Grab a Snake by the Tail by Leonardo Padura
EXTRACT pp 1-13
From the moment he started to reason and learn about life, as far as Mario Conde was concerned, a chino had always been what a chino ought to be: an individual with slanted eyes and skin which, despite its jaundiced yellow colour, was able to withstand adversity. A man transported by life’s challenges from a place as mythical as it was remote, a misty land amid tranquil rivers and impregnable, snow-peaked mountains, lost in the heavens; a country rich in legends about dragons, wise mandarins and subtle sages with good advice on every subject. Only several years later did he learn that a chino, a genuine, real chino, must also be a man capable of conceiving the most extraordinary dishes a civilized palate dare savour. Quails cooked in lemon juice and gratinéed with ginger, cinnamon, basil and cabbage sauce, say. Or pork loin sautéed with eggs, camomile, orange juice and finally browned slowly in a bottomless wok, over a layer of coconut oil.
However, according to the limited ideas that derived from Conde’s historical, philosophical and gastronomic prejudices, a chino might also be a lean, affable character ever ready to fall in love with mulatto and black women (provided they were within reach), and puff on a long, bamboo pipe with his eyes shut and, naturally, the laconic kind who utters the minimum words possible in that sing-song, palatal language they employed when speaking the languages other people speak.
“Yes, a chino is all that,” he muttered after a moment’s thought, only to conclude, after longer ruminations, that such a character was simply the standard chino, constructed by stereotypical Western thinking. Even so, Conde found it such an appealing, harmonious synthesis he wasn’t too concerned if that familiar, almost bucolic image would never have meant a thing to a real live chino, let alone to someone who didn’t know and, naturally, had never enjoyed the good fortune to taste the dishes cooked by old Juan Chion, the father of his friend Patricia, who was directly to blame for the fact that Conde had now been forced to reflect on his poor level of knowledge of the cultural and psychological make-up of a chino.
His need to define the essence of a chino had been prompted that afternoon in 1989 when, after many years without venturing into the rugged terrain of Havana’s Barrio Chino, the lieutenant revisited those slums, follow- ing the call of duty: a man had been murdered, though, on this occasion, the deceased was indeed Chinese.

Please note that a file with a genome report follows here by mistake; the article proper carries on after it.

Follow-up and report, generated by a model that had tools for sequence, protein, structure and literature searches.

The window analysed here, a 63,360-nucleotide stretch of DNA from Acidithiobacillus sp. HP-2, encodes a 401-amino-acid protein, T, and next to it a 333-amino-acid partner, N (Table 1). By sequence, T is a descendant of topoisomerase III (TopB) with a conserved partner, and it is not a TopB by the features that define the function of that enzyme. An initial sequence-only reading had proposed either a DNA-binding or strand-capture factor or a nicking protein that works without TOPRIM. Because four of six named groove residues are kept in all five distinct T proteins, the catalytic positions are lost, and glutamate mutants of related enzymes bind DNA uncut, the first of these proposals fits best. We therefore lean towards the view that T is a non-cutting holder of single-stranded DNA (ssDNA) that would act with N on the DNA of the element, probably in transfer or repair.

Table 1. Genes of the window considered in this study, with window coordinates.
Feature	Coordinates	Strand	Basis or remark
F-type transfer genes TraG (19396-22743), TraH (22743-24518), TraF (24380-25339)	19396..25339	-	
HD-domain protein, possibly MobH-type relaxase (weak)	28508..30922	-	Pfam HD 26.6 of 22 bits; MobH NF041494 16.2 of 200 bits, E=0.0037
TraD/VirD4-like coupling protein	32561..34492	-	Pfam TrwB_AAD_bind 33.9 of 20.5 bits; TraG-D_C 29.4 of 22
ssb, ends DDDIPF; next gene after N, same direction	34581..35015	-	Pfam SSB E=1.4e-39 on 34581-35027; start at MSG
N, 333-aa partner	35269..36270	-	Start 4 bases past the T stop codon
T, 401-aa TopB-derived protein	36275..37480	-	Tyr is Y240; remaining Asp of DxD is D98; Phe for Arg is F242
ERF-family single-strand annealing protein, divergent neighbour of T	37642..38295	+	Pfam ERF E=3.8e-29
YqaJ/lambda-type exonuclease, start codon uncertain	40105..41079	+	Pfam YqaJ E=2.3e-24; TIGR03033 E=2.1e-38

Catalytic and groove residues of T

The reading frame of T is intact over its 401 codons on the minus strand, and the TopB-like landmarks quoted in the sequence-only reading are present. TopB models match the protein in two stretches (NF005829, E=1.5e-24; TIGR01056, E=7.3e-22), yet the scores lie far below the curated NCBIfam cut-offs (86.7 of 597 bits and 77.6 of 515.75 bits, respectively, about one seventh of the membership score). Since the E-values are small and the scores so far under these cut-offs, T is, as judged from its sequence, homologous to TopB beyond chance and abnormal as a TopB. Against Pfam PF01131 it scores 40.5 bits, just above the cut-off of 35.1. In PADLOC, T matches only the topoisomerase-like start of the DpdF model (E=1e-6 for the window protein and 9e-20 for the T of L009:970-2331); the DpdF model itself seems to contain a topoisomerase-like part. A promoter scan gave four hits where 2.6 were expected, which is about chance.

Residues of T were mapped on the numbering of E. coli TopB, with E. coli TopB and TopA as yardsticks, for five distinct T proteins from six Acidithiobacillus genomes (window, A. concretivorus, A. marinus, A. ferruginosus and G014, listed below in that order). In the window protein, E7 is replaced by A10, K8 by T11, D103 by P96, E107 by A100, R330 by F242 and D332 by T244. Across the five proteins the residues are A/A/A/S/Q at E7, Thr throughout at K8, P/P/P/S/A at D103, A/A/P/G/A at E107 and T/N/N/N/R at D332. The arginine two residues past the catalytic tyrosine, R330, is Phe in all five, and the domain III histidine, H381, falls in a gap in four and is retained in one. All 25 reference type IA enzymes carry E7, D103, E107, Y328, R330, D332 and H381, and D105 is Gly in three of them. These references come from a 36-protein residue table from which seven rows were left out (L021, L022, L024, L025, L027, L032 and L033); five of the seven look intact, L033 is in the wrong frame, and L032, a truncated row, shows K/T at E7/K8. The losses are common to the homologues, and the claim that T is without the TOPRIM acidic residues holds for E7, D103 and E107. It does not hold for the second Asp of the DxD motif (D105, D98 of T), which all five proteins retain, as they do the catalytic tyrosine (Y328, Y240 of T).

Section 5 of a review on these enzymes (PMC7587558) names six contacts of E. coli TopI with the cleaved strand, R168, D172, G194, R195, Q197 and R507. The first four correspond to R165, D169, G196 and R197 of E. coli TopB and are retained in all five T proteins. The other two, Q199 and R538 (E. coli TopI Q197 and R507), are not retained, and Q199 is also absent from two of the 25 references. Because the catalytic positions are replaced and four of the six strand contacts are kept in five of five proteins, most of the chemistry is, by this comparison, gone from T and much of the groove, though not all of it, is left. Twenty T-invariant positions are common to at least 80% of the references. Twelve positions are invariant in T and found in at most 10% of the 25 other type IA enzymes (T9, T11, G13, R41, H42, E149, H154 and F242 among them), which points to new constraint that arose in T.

There were complications, as there almost always are in situations involving a chino (even when the chino in question is dead): for example, the man, who turned out to be one Pedro Cuang, hadn’t been killed in the run-of-the-mill way people were usually killed in the city. He hadn’t been shot, stabbed, or had his head bashed in. He hadn’t even been burned or poisoned. In terms of the deceased’s ethnic origins, it was a strange, far too recherché oriental murder for a country where living was considerably more taxing than dying (and would be so, for some time): one could almost call it an exotic crime, seasoned with ingredients that were hard to digest. Two arrows etched in his chest with the blade of a knife, and a severed finger to add extra flavour.
Several years later, when Mario Conde was no longer a policeman, let alone a lieutenant, he was forced to revisit Havana’s Chinatown to investigate an obsession he couldn’t get out of his mind, the mysterious disappearance of bolero singer Victoria del Rio in the 1950s. When he returned, he would find a more dilapidated neighbourhood that was almost in ruins, besieged by refuse collectors who couldn’t cope and delinquents of every colour and stripe: the fifteen years between his two incursions into that area had sufficed to obliterate most of the old character of a Barrio Chino that had never been particularly elegant; all that was left to mark it out from the city’s fifty-two official districts was its name and the odd illegible, grimy noticeboard identifying an old company or business set up by those emigrants. And if you really persevered, you might come across four or five cardboard chinos, as dusty as forgotten museum pieces: the last survivors of a long history of coexistence and uprooting who acted as the visible relics of the tens of thousands of Chinese who had come to the island throughout a century of constant migrations and who had once given shape, life and colour to that corner of Havana …